Mali and JJ help to bundle up Catie and Mikey into the specially made flight jackets that Nudge hands out for Christmas like an American version of Molly Weasley. She certainly has enough children to be – although she definitely doesn't look like the stereotype, still as thin as she was when she was thirteen. Avian-hybrid metabolisms are very useful at keeping the weight off.

We never get maroon jumpers though, or maroon jackets. Mine and Mali's are both navy blue, Mikey's is green, Catie's is red and JJ looks so much like Fang in black. All of my kids are going to be gorgeous, and I have hopes of having grandchildren before I'm too old to enjoy them.

But not too early.

The best thing about the jackets is the pockets, and I stuff a few more things into them, a half eaten packet of sweets to keep Catie's an Mikey's sugar levels up, and then we're ready.

I lock the house, and the kids are off – all four of them in the air, the older three swooping like pros and my youngest still a little wobbly on not-quite-goofy-chicken-wings. Still, he's got heart.

I take off, leaving footprints in the snow on my run up. I'm in the air, and the much smaller bodies of my kids loop around me. I can most definitely play this game, and as soon as there's a gap, I kick in the superspeed for a fraction of a second.

"No Fair!" comes the chant as the kids realise where I've gone in that split second, at least forty metres away. I hover and let them catch up, and then I turn my motley band towards the mountains and we fly. I'm content enough to hold Mikey's hand – he's very unsteady and I know I'll be carrying him by the end of the trip – and watch the others play.

The spot that we've flown out to almost every winter for the past ten years is more or less in the foothills, just above the treeline. The area is beautiful in summer and in winter, and there's a toboggan left up a tree by Nudge and her kids for outings like this – maybe we'll meet them there. The ground is steep, but not too steep, and it doesn't take too long to get there – not as long as I thought it would.

The older kids speed ahead once the landing site's in view, they all love this place as much as I do. It's quiet out here and the only thing I can hear of people is the whistle of a high altitude jet above.

JJ retrieves the toboggan from where its stored, and Mikey and I land into a flurry of snowballs. I can play this game too, and I've had infinitely more practice.

The day goes by too quickly. After settling arguments over the toboggan and taking a few rides myself, lunch, fort building, snowball fights, and snowman making, it's already getting late and I want to be back before it gets dark. Mikey's exhausted by his big day out so I surrender my now-empty pack to JJ and carry his younger brother instead.

The flight back is quiet. We're all tired and will sleep well tonight. I plan dinner, takeout pizza or McDonalds. Pizza wins, hands down. The sun begins to set as we reach town, and the house is dark. Fang's obviously not back from whatever he was going to. Which I still have to ask about.

I tell Mali that I'm going to get pizza for dinner as we all land, and they all give me grins. I know I can't cook. I don't need reminded of it all the time. She takes the sleeping boy out of my arms. I give my eldest as quick kiss on the cheek, she's a wonderful girl, and take off again. I look back to see the lights go on. JJ and Mali have it all well in hand. I'm proud of them – I've taught them to be independent from a young age, and they are.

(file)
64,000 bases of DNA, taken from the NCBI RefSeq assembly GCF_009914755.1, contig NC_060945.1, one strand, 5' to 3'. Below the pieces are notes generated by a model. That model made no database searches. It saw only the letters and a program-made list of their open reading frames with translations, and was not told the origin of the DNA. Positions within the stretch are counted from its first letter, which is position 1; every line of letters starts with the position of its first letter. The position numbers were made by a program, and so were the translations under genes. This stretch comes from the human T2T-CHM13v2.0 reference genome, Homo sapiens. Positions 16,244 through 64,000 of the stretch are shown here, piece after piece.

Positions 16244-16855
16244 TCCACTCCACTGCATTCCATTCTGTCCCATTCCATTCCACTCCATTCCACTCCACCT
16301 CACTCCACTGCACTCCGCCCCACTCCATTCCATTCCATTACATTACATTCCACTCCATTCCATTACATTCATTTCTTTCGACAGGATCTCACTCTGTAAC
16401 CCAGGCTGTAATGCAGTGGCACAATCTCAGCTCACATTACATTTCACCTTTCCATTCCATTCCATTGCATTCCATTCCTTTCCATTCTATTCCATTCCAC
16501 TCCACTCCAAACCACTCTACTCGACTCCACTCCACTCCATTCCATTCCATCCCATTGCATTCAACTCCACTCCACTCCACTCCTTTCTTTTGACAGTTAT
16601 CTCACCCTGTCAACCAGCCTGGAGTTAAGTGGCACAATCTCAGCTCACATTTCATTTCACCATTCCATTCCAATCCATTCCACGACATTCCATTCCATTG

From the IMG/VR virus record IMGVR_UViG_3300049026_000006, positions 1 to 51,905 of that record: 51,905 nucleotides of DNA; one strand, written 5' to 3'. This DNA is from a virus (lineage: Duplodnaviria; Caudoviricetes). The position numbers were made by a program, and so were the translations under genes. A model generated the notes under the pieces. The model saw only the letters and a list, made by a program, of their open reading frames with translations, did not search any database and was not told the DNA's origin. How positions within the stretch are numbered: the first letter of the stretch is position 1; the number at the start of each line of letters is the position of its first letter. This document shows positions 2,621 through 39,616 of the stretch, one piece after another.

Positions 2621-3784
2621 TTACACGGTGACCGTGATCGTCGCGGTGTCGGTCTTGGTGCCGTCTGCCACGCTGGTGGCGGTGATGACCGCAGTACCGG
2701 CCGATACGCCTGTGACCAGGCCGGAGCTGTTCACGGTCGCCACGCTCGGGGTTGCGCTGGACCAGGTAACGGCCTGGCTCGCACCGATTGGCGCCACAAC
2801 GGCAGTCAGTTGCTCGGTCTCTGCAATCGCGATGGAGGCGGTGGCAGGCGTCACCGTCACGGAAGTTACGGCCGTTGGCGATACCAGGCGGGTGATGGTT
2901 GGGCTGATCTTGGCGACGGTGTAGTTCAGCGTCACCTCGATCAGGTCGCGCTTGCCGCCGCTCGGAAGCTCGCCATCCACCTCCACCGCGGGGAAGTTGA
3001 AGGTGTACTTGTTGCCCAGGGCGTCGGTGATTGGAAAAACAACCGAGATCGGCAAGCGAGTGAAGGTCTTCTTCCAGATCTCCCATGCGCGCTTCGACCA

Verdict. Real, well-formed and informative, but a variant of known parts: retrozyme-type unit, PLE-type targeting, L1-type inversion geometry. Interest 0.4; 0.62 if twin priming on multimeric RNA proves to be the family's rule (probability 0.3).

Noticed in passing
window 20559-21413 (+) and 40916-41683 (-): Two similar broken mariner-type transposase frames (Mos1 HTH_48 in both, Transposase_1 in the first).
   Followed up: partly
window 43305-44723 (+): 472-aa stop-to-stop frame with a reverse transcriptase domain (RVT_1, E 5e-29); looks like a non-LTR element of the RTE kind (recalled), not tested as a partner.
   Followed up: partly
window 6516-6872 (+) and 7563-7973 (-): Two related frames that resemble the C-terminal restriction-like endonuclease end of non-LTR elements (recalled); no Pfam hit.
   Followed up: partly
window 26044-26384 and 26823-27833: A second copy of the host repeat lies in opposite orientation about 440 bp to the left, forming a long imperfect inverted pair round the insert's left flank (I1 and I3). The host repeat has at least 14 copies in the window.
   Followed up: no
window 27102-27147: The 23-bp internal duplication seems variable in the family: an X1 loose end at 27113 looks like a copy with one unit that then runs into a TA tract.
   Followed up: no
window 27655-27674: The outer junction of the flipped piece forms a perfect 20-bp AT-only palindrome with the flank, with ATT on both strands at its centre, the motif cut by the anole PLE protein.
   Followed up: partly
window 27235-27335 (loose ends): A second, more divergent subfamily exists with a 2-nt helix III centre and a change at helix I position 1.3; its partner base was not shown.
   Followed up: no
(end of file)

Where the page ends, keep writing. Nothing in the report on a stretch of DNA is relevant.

I arrive back with dinner (four large pizzas. We'll eat them) to find the fire lit and the heaters on, all my kids in dry clothes and Mikey tucked up in a blanket on the sofa, still fast asleep. I hand over the goods and go and get changed. I'm lucky that there's still some left when I return to the kitchen.

Slowly they drift off upstairs to bed, Catie first, then Mali. I take Mikey, still in dreamland up to put him into bed, and JJ follows. I tuck him in, kiss him good night, and marvel at how wonderful they really are. I should spend more time with my precious babies, they make me feel ten years younger among other things.

I check the others, pulling another blanket over Catie and retrieving Mr Snuffles from the floor. JJ has his blankets pulled over his head, and I smile. Mali's door is closed, so I leave her be.

I'm not tired yet, so I go downstairs and make myself a well deserved coffee, and I curl up in an armchair in front of the fire. The door opens at about one in the morning. Fang stumbles into the room and flops down on the sofa. I look at him.

"Morning, Fang."

He freezes, and then slowly slides into a sitting position. With one hand I reach out and switch on the lamp on the coffee table in front of me. He licks his lips in the half-light.

"Max." he says evenly.

"Who is she?" I ask him.

He blinks. The calm, indifferent mask on his face slips for just a second, and I see shock. "What do you…?"

"Your belt," I say, "Your hair. There's lipstick on your collar, and my perfume doesn't smell that tacky."

"Oh." He looks resigned, and in a way he's also relieved and angry and condescending, all at once. I know Fang. I've known him for so long. I know how to read him. I just didn't expect…

"So, who is she?"

"Does it matter?" he asks.

"Not really." I tell him, and I set down my now-empty, fifth-refill mug. He jerks at the scrape of the mug on the glass. "Still," I continue, "I'd like to know who."

"No." he tells me.

I nod in acceptance. "Get out." I say to him. Calmly. Quietly. Yelling would only wake up the kids. "Get your things and get out."

"Max?" he asks me desperately. He stands up, and he's as gorgeous as ever in the flickering firelight.

I smile, a sardonic smile. "You betrayed me, Fang. I don't want you to explain."

"What about…?"

I point to the door. Slowly he nods, arguing with me never worked well, and he drops his head – in shame, I hope. At one in the morning, Fang walks out of the door, and out of my life.


Inspired by Anastacia's Sick and Tired, the lyrics of go something like:

A little late for all the things you didn't say. I'm not sad for you.

But I'm sad for all the time I had to waste, 'cause I learned the truth.

Your heart is in a place I no longer wanna be.

I knew there'd come a day I'd set you free,

Cause I'm sick and tired of always being sick and tired

Your love isn't fair,

You live in a world where you didn't listen

And you didn't care, so I'm floating, I'm floating on air.

No warning goes, such a sad song, of broken hearts.

My dreams of fairytales and fantasies were torn apart

I lost my peace of mind somewhere along the way

I knew there'd come a time you'd hear me say.

I'm sick and tired of always being sick and tired

Your love isn't fair,

You live in a world where you didn't listen

And you didn't care, so I'm floating, I'm floating on air.